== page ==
The emergence of drug-resistant parasites and insecticide-resistant Anopheles mosquitoes have contributed to the persistence of malaria in the world 
. New methods to control the disease are needed, and vaccination holds the promise of controlling and perhaps eventually eradicating malaria.
The asexual blood stage is responsible for malaria disease. Naturally acquired immunity develops against disease in malaria-endemic regions, where parasite density is observed to decrease with age and the clinical manifestations of malaria are generally much milder in adults than in children under 5 years of age 
. Moreover, immunoglobulin fractions from adults in these high-transmission areas have been found to passively reduce parasitemia in infected children 
.Thus an effective vaccine targeting this stage and inducing immune responses similar to that obtained by natural infection could reduce morbidity and mortality of the disease.
Several antigens thought to be targets of protective blood-stage immune responses have been identified 
. Among them, the ~200 kDa Merozoite Surface Protein 1 (MSP1) and the Apical Membrane Antigen 1 (AMA-1) of Plasmodium falciparum
are two leading asexual blood-stage vaccine candidates 
. Located on the merozoite surface, they are proposed to play a role in the process of parasitic invasion 
. A portion of MSP1 recognized by protective antibodies was mapped to the 19 kDa carboxy-terminal region (MSP1-19) which contains two epidermal growth factor (EGF)-like domains 
. Immunization with MSP1-19 of P. falciparum in monkeys and P. yoelii in mice induced protection against homologous parasite challenge 
. Data from these animal studies were supported by in vitro studies showing that MSP1-19 specific antibodies inhibited merozoite invasion 
AMA-1 is an integral membrane protein of 83 kDa. Studies in rodent and monkey models demonstrated that immunization with native or recombinant AMA-1 can provide protection against homologous parasite challenge 
. A three-domain sub-structure of the AMA1 ectodomain was recently suggested 
. The most C-terminal of the disulphide-bonded domains in AMA-1 (domain III) containing a “cysteine knot-like” structure may be carried on the surface of the invading merozoite along with MSP1-19. Studies with P. chabaudi in a mouse model have shown that antibody-mediated protection can be induced by immunizing with the AMA1 ectodomain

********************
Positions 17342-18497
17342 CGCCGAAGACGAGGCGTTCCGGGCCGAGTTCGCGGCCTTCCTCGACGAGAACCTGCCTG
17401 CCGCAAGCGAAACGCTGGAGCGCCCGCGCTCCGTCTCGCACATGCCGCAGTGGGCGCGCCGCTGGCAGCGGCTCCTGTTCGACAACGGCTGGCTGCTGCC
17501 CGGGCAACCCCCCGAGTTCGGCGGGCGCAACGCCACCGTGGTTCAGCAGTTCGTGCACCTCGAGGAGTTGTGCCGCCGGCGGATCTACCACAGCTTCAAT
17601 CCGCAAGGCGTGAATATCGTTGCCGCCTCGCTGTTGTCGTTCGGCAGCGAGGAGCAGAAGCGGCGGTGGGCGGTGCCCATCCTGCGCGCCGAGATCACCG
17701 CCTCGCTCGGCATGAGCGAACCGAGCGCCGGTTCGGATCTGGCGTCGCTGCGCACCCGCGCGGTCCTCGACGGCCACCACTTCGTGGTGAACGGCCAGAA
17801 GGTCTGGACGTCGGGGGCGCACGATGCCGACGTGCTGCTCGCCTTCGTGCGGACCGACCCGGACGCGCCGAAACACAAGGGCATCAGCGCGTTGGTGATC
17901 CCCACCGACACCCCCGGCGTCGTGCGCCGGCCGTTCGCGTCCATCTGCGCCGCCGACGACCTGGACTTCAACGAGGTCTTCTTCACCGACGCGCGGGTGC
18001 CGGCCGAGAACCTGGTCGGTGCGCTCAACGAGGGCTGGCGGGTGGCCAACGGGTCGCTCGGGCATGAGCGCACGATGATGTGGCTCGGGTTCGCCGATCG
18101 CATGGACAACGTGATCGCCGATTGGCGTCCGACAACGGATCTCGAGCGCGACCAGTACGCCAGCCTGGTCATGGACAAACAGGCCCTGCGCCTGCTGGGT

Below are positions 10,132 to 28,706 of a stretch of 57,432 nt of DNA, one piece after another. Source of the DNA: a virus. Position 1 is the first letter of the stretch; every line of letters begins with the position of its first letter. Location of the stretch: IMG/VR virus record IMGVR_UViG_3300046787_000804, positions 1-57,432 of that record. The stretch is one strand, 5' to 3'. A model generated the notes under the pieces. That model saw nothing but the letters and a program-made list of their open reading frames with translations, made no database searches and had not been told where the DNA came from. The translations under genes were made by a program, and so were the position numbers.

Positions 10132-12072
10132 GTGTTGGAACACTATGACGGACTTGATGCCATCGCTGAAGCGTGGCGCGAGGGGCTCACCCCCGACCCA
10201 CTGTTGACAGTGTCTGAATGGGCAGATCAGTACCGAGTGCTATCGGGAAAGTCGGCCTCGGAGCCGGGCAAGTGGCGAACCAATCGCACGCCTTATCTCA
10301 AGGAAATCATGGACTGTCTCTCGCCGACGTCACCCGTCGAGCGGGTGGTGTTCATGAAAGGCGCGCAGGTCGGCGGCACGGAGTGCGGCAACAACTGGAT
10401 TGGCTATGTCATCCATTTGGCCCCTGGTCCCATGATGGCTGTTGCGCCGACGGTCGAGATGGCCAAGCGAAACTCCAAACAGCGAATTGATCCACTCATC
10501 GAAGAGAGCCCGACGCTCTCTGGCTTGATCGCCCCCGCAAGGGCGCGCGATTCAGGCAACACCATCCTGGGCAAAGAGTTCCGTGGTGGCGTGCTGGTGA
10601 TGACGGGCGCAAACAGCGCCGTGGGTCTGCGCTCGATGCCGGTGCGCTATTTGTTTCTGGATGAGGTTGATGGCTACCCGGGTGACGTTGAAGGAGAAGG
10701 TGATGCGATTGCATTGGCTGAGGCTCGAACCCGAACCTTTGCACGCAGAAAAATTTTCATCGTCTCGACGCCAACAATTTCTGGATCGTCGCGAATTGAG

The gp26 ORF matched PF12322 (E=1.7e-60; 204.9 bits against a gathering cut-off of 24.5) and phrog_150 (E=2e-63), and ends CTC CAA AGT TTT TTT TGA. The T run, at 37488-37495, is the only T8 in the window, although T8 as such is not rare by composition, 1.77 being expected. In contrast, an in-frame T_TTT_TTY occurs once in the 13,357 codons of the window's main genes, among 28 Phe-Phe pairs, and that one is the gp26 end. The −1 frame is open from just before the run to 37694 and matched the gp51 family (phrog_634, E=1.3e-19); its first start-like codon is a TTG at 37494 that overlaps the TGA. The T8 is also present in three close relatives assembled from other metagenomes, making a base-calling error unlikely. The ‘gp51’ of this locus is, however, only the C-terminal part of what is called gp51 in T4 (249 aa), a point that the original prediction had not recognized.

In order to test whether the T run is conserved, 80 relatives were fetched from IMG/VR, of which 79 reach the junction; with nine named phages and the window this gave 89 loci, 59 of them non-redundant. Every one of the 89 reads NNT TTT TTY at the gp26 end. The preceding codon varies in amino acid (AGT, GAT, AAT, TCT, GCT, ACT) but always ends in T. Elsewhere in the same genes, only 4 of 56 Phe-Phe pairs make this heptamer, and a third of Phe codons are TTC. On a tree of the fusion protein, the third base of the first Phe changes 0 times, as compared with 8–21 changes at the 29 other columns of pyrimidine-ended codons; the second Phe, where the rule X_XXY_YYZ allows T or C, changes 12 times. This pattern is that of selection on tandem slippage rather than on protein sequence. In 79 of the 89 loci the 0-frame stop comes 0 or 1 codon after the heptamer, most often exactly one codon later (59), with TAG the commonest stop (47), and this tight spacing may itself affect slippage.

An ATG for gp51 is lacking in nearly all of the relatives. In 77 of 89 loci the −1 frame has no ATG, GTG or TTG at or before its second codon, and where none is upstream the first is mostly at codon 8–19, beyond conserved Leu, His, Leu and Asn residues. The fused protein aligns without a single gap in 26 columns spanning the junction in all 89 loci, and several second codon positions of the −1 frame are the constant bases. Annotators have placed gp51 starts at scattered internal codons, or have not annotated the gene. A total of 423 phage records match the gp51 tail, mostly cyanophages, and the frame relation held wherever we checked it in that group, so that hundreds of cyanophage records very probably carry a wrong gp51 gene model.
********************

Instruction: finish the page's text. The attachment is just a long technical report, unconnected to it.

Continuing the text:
. The structure of AMA-1 (III) was recently demonstrated to be the target of inhibitory antibodies isolated from humans in malaria-endemic regions 
. A recent study showed that AMA-1(III) bound to the erythrocyte membrane protein, Kx, and that the subsequent rate of invasion of Kx null erythrocytes was reduced, suggesting that AMA-1 (III) plays an important role in merozoite invasion of human erythrocytes 
Both MSP1-19 and AMA-1 (III) can be a target of inhibitory antibodies, but the small size of the antigens may limit the ability of each alone to adequately induce the high titer of antibodies that may be required to be effective in vivo. Polyvalent subunit malaria vaccines containing multiple protective domains or epitopes from different antigens may be necessary for enhanced immunogenicity and protective efficacy and may be needed to address the issue of parasite variation. Chimeric protein vaccine constructs may be an approach towards this and therefore, we have constructed a P. falciparum chimeric protein 2.9 (PfCP-2.9) by combining MSP1-19 and AMA-1 (III) sequences 
. The purified PfCP-2.9 protein, produced by Pichia pastoris in secreted form with a yield of 2,600 mg/L, was highly immunogenic in rabbits as well as in rhesus monkeys (Macaca mulatta). It induced both anti-MSP1-19 and anti-AMA-1 (III) antibodies at 11- and 18-fold higher titers, respectively, compared to individual components. Anti-PfCP-2.9 sera from rabbits and rhesus monkeys at a 6 to 7-fold dilution nearly completely inhibited in vitro growth of the P. falciparum FCC1/HN and 3D7 strains 
. The inhibition was dependent on the presence of antibodies to the chimeric protein and their disulfide bond-dependent conformations. Moreover, the activity was mediated by a combination of growth-inhibitory antibodies generated by the individual MSP1-19 and AMA-1 (III) components of PfCP-2.9.
In this study, we report the first human phase I trial of recombinant PfCP-2.9 formulated with the novel adjuvant Montanide ISA720